The chief executive of Oranga Tamariki will not resign despite a year of intense criticism and public outrage over the organisation's uplifts of Māori children.
Grainne Moss announced she would stay on as CEO on Wednesday afternoon after a Waitangi Tribunal inquiry into Oranga Tamariki's uplifts.
"I am not set to resign," she told reporters. "I am absolutely committed to the kaupapa."
It had been rumoured on Wednesday Moss would step down after a report by the Children's Commission said Oranga Tamariki was beyond salvaging.
The report recommended the organisation be gutted and rebuilt, with the power placed squarely in the hands of Māori.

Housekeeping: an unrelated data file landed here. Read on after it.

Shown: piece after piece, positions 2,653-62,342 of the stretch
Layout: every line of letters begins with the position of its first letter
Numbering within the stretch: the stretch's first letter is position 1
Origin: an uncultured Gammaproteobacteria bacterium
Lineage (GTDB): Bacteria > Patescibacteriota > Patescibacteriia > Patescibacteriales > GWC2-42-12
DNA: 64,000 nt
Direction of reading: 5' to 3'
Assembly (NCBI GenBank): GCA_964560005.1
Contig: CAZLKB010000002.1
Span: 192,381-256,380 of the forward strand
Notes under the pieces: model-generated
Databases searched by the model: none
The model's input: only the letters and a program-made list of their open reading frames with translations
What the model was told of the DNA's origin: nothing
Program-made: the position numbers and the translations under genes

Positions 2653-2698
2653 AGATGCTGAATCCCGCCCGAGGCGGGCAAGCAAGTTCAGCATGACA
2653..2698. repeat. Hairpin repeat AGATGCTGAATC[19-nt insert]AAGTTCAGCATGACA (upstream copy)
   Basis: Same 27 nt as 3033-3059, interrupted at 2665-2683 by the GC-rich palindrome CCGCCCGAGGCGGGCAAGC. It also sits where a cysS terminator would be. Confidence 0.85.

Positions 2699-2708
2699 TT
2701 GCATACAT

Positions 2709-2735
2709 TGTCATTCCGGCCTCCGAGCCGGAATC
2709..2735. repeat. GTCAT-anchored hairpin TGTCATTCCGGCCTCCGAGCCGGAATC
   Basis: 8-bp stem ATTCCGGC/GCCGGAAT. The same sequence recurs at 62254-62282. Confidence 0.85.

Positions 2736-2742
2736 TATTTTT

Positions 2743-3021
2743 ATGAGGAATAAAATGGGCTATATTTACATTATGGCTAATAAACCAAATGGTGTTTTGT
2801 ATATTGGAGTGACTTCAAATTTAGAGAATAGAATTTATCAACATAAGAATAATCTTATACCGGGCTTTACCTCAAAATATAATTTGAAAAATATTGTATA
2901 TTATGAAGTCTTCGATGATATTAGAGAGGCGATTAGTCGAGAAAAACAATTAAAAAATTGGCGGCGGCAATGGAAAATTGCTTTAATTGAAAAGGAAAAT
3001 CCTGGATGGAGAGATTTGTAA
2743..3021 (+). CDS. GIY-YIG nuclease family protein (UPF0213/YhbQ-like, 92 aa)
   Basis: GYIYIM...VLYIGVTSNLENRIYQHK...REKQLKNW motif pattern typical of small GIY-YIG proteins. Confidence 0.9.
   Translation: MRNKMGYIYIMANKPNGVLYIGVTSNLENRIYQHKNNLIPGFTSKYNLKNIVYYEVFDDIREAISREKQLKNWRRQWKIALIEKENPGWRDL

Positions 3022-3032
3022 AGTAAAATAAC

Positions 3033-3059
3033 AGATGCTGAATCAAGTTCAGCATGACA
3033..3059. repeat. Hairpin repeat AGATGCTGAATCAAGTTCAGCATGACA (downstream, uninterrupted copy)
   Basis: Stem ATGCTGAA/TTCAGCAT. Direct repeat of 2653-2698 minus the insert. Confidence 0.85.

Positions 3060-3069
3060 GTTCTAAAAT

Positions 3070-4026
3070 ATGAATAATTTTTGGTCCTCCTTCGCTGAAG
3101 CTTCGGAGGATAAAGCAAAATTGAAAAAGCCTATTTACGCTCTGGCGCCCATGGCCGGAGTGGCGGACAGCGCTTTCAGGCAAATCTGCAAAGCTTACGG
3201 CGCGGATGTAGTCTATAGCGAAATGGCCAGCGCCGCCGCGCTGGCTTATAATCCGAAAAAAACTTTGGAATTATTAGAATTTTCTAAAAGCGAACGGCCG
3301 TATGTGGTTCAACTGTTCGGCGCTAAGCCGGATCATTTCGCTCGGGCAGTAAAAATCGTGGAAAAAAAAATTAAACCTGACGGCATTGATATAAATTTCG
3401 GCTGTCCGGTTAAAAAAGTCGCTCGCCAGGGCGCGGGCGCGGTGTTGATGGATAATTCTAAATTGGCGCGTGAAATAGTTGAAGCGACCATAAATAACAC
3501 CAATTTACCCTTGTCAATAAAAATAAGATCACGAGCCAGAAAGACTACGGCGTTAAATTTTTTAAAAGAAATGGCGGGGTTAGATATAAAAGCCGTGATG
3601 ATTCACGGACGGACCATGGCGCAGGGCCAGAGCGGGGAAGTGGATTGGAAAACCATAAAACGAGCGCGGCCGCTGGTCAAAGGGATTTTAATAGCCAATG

The report follows a high-profile attempted uplight brought to the fore by a Newsroom documentary.
Newsroom documented the process as Oranga Tamariki attempted to uplift a one-week-old infant from its young mother in Hawke's Bay. It culminated in the mother being isolated in hospital with her whānau barred from entering as agents waited to take the child.
Moss has apologised for this incident and an overall culture of structural racism.
In the Tribunal on Wednesday she said racism is a feature of the system.
"The structural racism that exists in the care and protection system reflects broader society and has also meant more tamariki Māori being reported to it.
"The Crown should have identified the need to tackle structural racism head-on in the establishment of Oranga Tamariki."